A few years ago we worked through the Cover Story writing curriculum for our writing lessons. One of the bigger projects was to conduct an interview, and I worked with the kids quite a bit on how to conduct an interview.
^^^^ Obviously not my ginormous kids, but one boy conducted his interview with his Dad (for like 2 hours). The other boy conducted his interview on a farm, and I just could not get a picture. Princess’ interview was at the aquarium, and it was all dark, so my one picture is horrid (you’ll see it down below).
(I might stick some affiliate links in here, we’ll see if I need them)
Why teach your kids how to conduct an interview
A lot of people complain homeschoolers don’t know how to interact with people. My experience has been quite the opposite, but it may be because we have assignments like this. I’ve worked with my kids quite a bit to talk with adults, and this was actually one of the projects.
Aside from learning how to interact with adults, it’s also helpful to just work on asking questions of another person and writing down notes, as well as following up with something mentioned that makes an interesting idea to pursue.
Before you interview, make a plan
All of our kids were interviewing people about their job. So, our first step was to research the jobs.
This prepared them to have better questions than:
“Why do you do that?”
Or something else equally generic.
Once they had an idea, they sat down and wrote out 10 questions.
Superman interviewed a policeman who had recently moved to a fraud division in our local department. He came up with some great questions:
- What is the most interesting case you’ve ever investigated?
- How do you solve crimes?
- Where did you go to school to become a police officer?
- What is a normal day like for you?
Superman spent two hours at breakfast talking with him, and Jeff came back raving about the whole experience, and how good Superman did asking questions. Of course, he did not get any pictures.
I don’t remember the theme for Batman’s magazine, but he interviewed a blacksmith. In all honesty, this was the least satisfying interview of all. We drove up to Waco, there’s a Christian commune that lives a “simple life” with many traditional crafts. While they are open to questions and want to talk, the particular person we talked to was not particularly interested in talking to us. He actually felt like he wanted to get rid of us.
So, I did not take any pictures of him.
Princess’ magazine was about dolphins, so we headed over to the local aquarium to interview one of the animal handlers.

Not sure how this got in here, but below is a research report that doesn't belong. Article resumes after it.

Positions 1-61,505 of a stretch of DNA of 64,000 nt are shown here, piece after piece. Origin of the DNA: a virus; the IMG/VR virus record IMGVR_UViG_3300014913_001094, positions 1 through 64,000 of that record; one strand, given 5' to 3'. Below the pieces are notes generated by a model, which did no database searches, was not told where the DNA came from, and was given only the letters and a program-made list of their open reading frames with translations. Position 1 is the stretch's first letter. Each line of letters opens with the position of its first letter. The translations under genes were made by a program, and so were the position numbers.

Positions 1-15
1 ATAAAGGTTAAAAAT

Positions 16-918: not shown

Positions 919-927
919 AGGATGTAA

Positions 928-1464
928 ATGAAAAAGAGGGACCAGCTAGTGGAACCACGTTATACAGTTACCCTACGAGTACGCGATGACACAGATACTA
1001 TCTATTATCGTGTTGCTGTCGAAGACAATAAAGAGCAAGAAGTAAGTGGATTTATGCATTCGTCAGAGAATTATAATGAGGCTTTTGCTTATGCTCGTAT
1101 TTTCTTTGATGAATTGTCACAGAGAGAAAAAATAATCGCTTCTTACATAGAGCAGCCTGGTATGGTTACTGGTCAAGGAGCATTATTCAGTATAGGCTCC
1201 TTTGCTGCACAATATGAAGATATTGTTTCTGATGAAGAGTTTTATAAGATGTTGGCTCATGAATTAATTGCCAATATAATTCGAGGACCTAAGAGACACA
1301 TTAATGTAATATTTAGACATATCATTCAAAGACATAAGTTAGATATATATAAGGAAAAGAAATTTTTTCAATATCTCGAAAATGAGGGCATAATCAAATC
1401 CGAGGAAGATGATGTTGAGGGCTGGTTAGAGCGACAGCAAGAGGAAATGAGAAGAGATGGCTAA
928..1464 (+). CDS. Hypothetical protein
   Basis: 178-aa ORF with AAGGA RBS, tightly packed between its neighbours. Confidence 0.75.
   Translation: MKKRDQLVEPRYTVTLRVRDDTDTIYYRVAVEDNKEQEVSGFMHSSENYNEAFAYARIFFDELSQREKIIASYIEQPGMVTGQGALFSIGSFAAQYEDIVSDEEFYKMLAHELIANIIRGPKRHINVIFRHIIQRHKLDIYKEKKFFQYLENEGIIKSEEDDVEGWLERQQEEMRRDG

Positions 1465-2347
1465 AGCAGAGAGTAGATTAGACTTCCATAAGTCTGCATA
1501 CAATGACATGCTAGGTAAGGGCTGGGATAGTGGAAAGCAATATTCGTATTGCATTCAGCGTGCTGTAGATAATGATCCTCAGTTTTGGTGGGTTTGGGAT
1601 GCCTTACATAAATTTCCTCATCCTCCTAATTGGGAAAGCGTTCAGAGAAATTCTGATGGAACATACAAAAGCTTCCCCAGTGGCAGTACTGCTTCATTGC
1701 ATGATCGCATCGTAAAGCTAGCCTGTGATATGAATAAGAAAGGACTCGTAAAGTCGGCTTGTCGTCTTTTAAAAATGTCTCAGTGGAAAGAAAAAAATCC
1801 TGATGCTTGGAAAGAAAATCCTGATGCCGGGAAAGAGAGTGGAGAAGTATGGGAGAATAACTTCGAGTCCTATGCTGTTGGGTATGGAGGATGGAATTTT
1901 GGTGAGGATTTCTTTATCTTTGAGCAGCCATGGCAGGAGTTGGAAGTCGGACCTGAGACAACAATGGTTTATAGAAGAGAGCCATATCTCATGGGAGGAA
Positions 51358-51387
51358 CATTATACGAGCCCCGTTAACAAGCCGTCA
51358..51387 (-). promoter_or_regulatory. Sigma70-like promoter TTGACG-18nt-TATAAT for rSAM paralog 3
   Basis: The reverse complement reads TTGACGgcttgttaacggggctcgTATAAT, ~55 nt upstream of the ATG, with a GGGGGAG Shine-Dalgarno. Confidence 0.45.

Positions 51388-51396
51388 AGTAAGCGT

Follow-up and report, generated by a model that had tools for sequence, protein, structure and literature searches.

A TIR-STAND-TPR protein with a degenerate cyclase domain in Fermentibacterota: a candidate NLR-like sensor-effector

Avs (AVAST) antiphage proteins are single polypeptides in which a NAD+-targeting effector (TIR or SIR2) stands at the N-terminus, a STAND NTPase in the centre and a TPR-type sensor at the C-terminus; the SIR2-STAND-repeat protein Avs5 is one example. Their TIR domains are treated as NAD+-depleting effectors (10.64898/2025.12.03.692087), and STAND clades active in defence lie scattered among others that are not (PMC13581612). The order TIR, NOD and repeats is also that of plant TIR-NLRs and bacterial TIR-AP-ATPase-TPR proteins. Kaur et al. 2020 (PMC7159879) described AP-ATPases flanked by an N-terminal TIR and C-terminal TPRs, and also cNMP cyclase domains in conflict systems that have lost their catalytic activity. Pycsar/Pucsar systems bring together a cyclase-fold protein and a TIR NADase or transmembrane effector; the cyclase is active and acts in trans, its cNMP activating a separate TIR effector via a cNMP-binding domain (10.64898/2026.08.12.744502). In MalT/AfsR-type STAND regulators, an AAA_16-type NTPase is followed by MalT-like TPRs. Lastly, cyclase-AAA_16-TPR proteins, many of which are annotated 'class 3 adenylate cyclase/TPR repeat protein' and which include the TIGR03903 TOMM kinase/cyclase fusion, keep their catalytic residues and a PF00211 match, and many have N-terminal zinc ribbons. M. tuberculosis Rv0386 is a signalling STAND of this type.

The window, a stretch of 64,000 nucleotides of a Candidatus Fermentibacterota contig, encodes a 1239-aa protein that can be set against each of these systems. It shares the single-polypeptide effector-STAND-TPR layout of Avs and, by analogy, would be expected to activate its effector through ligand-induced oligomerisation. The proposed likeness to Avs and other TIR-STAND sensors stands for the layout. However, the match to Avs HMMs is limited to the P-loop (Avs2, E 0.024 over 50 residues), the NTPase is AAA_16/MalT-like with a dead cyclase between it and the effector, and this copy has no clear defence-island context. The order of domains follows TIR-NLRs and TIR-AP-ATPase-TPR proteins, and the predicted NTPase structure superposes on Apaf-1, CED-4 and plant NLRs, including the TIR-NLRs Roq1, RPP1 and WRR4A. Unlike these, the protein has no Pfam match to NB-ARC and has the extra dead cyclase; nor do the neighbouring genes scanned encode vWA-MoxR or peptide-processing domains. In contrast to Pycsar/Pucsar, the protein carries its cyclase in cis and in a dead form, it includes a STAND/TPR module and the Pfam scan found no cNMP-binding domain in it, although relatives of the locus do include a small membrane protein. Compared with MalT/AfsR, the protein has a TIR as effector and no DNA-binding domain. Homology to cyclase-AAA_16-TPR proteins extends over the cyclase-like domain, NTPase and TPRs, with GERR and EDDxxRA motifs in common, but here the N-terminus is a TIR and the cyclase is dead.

Side note, my Cover Story Curriculum Review
Just to let you know, I did write an entire review of Cover Story, a bit ago. I highly recommend their curriculum. We’ve also used Byline (historical newspaper) and Princess is going to use One Year Adventure Novel next year as a freshman.
Putting together how to conduct an interview
After you’ve got your questions all written out, it’s now time to conduct your interview. Most likely, you, the parent, will need to set up the interview. If your kids are slightly older than mine, like say 8th grade or older, setting up the interview is a great step on this.
This is my one picture from Princess’ interview. She did a great job asking her questions and following up on them.
When your child goes to the interview, you need a couple of things:
- clipboard– so you have a hard writing surface, I love this storage clipboard
- your questions written earlier
- plenty of paper
When it comes time to how to conduct an interview, here are the key points I emphasized to all of my kids:
- Speak loudly and clearly.
- Look the person in the eye.
- Give them time to answer the question.
- Be willing to change your questions if their answers are different
- Thank them for their time when you are done.
Princess got an amazing chance to interview the keeper of the aquatic animals at Austin Aquarium. She learned all about how the manta rays train themselves to do tricks. They figured out that if they flapped their fins and splashed water at people, they were given food.
That fascinated both of us.
We learned how she has to give the octopus stimulation because otherwise, it will “lose hope” and will not survive. Each day she has to give it different toys and think of different ways to interact with it. However, she can’t demand the octopus interact.
Princess took pages of notes. She wrote and wrote, and asked more questions. At the end, she thanked the lady for her time (shame on me for not writing down her name, so I could give her a name beyond “the lady”).
Shaping your interview into a story
At this point, I’m going to leave off giving you tips, because Cover Story did a great job of setting this all up.
This assignment took two weeks to complete, and by the end they had a 500-word article. They concentrated on the 5 Ws and an H, and used those to pull out an emotion.